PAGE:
Sen. Susan Collins, R-Maine, a member of the Senate Appropriations Committee and the Senate Intelligence Committee, finishes a television news interview on Capitol Hill in Washington on Tuesday, March 28, 2017. 

Trying to follow the House Intelligence Committee’s probe into Russian meddling in the presidential election “is like following a mystery novel. You never know what’s going to happen next,” U.S. Sen. Susan Collins said.

But the Maine Republican isn’t trying to become even a minor character in the unfolding drama.

Collins told CNN’s “New Day” on Tuesday that “although this has been a crazy year, the one thing that has remained constant is that the House never takes kindly to the Senate telling it how to operate or conduct its investigation.”

Collins and her Maine colleague, Sen. Angus King, an independent, each serve on the Senate Intelligence Committee, which is also looking into the issue but without the theatrics of the House panel.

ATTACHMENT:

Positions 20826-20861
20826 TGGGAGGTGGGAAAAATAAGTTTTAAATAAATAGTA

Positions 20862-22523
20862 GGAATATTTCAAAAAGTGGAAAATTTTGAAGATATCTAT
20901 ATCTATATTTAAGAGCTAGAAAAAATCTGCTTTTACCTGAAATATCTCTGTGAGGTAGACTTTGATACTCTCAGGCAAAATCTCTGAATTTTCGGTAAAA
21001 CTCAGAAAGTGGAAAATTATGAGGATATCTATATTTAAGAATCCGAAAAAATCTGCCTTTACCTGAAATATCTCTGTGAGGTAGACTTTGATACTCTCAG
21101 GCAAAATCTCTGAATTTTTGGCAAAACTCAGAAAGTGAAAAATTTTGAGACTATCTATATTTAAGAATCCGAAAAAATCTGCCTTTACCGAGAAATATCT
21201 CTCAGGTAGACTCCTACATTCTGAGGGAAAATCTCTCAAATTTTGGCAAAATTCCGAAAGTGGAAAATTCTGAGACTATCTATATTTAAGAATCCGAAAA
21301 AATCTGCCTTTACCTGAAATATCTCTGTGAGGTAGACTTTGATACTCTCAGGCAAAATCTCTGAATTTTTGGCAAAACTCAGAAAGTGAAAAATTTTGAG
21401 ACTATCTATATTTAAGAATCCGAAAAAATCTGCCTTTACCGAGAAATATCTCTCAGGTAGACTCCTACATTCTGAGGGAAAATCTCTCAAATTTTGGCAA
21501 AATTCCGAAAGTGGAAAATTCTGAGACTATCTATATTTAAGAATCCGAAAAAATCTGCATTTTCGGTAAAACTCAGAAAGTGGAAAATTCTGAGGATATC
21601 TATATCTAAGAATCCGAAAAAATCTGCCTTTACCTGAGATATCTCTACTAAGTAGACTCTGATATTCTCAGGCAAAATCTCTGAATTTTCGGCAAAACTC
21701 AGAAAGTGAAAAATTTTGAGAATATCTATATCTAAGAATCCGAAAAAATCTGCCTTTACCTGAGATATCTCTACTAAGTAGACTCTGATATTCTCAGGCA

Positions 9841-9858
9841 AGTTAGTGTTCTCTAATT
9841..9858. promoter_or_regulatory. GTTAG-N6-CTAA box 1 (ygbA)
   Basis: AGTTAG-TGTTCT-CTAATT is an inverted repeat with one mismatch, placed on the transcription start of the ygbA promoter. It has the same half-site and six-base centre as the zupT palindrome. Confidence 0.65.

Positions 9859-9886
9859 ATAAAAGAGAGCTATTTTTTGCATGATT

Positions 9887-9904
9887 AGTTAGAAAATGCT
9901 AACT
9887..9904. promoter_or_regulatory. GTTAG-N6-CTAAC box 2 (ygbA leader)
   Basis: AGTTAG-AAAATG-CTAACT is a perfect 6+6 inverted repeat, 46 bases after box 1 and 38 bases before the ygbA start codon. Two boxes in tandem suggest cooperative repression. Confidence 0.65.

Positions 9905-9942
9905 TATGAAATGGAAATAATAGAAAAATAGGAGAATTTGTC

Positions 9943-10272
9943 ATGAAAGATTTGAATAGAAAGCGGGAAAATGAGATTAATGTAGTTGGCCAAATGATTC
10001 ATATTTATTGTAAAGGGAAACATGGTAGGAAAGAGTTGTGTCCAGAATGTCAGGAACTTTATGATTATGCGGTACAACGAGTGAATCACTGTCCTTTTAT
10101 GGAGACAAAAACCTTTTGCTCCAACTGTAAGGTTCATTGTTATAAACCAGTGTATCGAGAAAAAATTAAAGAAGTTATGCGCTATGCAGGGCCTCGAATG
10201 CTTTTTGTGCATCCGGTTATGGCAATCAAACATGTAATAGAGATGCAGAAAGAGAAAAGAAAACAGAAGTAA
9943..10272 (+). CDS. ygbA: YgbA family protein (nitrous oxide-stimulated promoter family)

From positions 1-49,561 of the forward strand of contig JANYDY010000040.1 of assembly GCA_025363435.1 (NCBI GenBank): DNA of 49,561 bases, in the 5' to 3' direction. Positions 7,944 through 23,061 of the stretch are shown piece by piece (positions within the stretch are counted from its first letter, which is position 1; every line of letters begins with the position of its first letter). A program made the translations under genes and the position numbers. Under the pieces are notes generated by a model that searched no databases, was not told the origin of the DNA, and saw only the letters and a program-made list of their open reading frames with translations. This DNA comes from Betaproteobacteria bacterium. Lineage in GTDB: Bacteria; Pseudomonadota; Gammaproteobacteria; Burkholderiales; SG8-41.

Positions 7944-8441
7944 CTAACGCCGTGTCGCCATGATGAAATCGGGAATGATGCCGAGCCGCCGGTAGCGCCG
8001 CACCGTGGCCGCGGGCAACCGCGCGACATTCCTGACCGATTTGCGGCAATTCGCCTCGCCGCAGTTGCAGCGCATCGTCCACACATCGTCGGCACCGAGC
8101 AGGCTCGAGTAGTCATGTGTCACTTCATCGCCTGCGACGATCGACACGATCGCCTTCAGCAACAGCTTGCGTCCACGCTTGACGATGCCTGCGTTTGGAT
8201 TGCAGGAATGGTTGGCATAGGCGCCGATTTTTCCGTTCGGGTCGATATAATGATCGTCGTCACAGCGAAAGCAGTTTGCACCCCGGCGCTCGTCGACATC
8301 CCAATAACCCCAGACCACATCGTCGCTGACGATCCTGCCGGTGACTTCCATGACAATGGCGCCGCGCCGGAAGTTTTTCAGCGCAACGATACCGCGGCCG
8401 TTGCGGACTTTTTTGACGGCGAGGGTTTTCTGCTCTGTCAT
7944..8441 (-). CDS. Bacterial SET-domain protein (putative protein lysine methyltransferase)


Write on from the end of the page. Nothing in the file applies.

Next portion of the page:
Collins said the Senate committee’s chairman, U.S. Sen. Richard Burr, R-N.C., and its vice chairman, U.S. Sen. Mark Warner, D-Va., “are working hand in glove and given the membership of our committee, I am convinced that we will do a thorough, credible investigation and follow the evidence wherever it leads us.”

“I believe that our Senate investigation has far more credibility than the House investigation has at this point,” Collins told the CNN show.

The House panel’s leader, U.S. Rep. Devin Nunes, R-Calif., has drawn considerable criticism for telling reporters and President Donald Trump about evidence he gathered during a White House visit where he saw material that he said showed American intelligence agencies had collected data on members of Trump’s transition team as an incidental offshoot of another investigation.

Democrats have called on Nunes to recuse himself, but Nunes has refused and House Speaker Paul Ryan has expressed support for the congressman’s leadership of the House probe.

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